Other visitors to Hydra included journalist Mungo MacCallum, artist Sidney Nolan, actor Peter Finch and the writer Rodney Hall. It was a hard-working, hard drinking bohemian community of unusual freedom. Her first solo novel Walk to the Paradise Gardens (1960) was followed by Honours Mimic (1964). All four of her books were well received in the USA and Britain, but barely distributed in Australia.

The couple returned home when George Johnston’s most famous book My Brother Jack was published. Clift found she was not allowed to enter public bars in Sydney. Women were everywhere constrained. How much longer was it going to be, she asked, before “society faces up to the fact that women are fully fledged members of the human fraternity and as such entitled to participate in its economic social and cultural life on terms of absolute equality?”

Clift had developed a serious drinking problem on Hydra that continued to plague her for the rest of her life. She also found it difficult to suddenly be a public figure, saying to a friend: “There is this woman, Charmian Clift. And I have to dress up as her and go out and be her.”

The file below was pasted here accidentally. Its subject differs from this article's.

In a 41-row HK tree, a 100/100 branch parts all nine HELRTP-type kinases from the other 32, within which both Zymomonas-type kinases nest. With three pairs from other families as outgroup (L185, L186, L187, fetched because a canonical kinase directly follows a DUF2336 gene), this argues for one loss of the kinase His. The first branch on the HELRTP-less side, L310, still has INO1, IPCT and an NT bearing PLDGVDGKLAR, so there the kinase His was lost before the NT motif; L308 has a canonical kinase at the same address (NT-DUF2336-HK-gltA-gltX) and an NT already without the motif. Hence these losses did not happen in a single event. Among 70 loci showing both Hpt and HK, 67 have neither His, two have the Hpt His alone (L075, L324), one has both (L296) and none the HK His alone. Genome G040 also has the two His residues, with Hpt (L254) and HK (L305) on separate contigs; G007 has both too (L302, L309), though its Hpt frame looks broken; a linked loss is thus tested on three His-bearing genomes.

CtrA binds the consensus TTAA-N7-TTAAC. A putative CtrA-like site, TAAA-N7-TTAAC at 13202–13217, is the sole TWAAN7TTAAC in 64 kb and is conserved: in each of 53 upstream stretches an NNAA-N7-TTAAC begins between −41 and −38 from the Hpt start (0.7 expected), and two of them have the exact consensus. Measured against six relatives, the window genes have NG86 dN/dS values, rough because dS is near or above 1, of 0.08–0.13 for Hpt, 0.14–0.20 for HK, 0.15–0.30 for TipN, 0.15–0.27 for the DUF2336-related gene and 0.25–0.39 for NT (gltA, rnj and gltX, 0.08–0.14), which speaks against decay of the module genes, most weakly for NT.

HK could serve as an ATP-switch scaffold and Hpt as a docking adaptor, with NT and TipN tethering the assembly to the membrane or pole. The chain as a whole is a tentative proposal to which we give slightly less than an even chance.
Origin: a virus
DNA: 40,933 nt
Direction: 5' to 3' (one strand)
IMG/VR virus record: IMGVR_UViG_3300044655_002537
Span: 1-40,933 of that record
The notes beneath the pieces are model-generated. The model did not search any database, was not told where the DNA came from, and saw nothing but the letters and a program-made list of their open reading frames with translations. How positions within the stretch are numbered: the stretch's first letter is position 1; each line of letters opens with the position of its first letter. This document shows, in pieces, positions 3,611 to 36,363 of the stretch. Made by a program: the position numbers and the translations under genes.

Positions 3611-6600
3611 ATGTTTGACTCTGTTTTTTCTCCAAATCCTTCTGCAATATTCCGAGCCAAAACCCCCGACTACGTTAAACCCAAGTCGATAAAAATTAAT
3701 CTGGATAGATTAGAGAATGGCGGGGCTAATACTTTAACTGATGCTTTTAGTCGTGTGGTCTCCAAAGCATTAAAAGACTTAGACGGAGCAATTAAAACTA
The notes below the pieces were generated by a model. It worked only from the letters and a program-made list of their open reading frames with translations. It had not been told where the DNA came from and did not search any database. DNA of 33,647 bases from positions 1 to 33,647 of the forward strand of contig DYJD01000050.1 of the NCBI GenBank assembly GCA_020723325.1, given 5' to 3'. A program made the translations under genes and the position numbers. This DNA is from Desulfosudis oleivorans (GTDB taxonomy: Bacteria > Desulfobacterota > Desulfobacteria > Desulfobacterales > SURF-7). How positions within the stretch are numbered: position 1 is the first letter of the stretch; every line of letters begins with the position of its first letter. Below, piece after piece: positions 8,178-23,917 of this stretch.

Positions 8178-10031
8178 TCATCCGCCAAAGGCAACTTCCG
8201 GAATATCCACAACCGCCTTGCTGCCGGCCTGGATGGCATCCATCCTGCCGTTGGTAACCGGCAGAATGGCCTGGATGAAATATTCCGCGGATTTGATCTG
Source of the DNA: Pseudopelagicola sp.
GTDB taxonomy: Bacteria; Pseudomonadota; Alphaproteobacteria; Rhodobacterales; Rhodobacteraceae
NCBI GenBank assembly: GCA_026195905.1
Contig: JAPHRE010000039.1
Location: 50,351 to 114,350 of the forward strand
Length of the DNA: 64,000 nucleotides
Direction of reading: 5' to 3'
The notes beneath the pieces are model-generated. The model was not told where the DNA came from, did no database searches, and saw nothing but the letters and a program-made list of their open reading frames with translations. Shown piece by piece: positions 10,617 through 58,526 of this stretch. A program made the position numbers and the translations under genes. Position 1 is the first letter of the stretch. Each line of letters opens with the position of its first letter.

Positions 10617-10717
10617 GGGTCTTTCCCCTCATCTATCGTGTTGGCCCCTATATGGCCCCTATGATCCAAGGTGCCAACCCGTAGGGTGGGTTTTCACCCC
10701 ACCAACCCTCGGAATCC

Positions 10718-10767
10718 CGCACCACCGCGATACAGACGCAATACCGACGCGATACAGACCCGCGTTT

On 8 July 1969, Clift took a fatal dose of sleeping tablets while drunk, just before George’s latest novel, Clean Straw for Nothing, was published. The artist Joy Hester, a close friend, said part of Charmian’s depression was her distress over the book, a fictional version of her extra-marital affairs during the Hydra years. Johnston died a year after the book was released.

Margaret Simons is a freelance journalist and associate professor of Journalism at Monash University.

Charmian Clift, circa 1964. Courtesy of HWT

 

Charmian Clift with George Johnston, circa 1964. Courtesy of News Corp

 

 

 

Further reading

 

The Life and Myth of Charmian Clift, Nadia Wheatley, Flamingo Press, 2001.

 

Images in Aspic, Charmian Clift (ed.George Johnston), Harper Collins, 1989.

 

Trouble in Lotus Land: Essays 1964-1967, Charmian Clift (ed.Nadia Wheatley), Angus and Robertson, 1990.

 

World of Charmian Clift, Charmian Clift, Collins, 1983.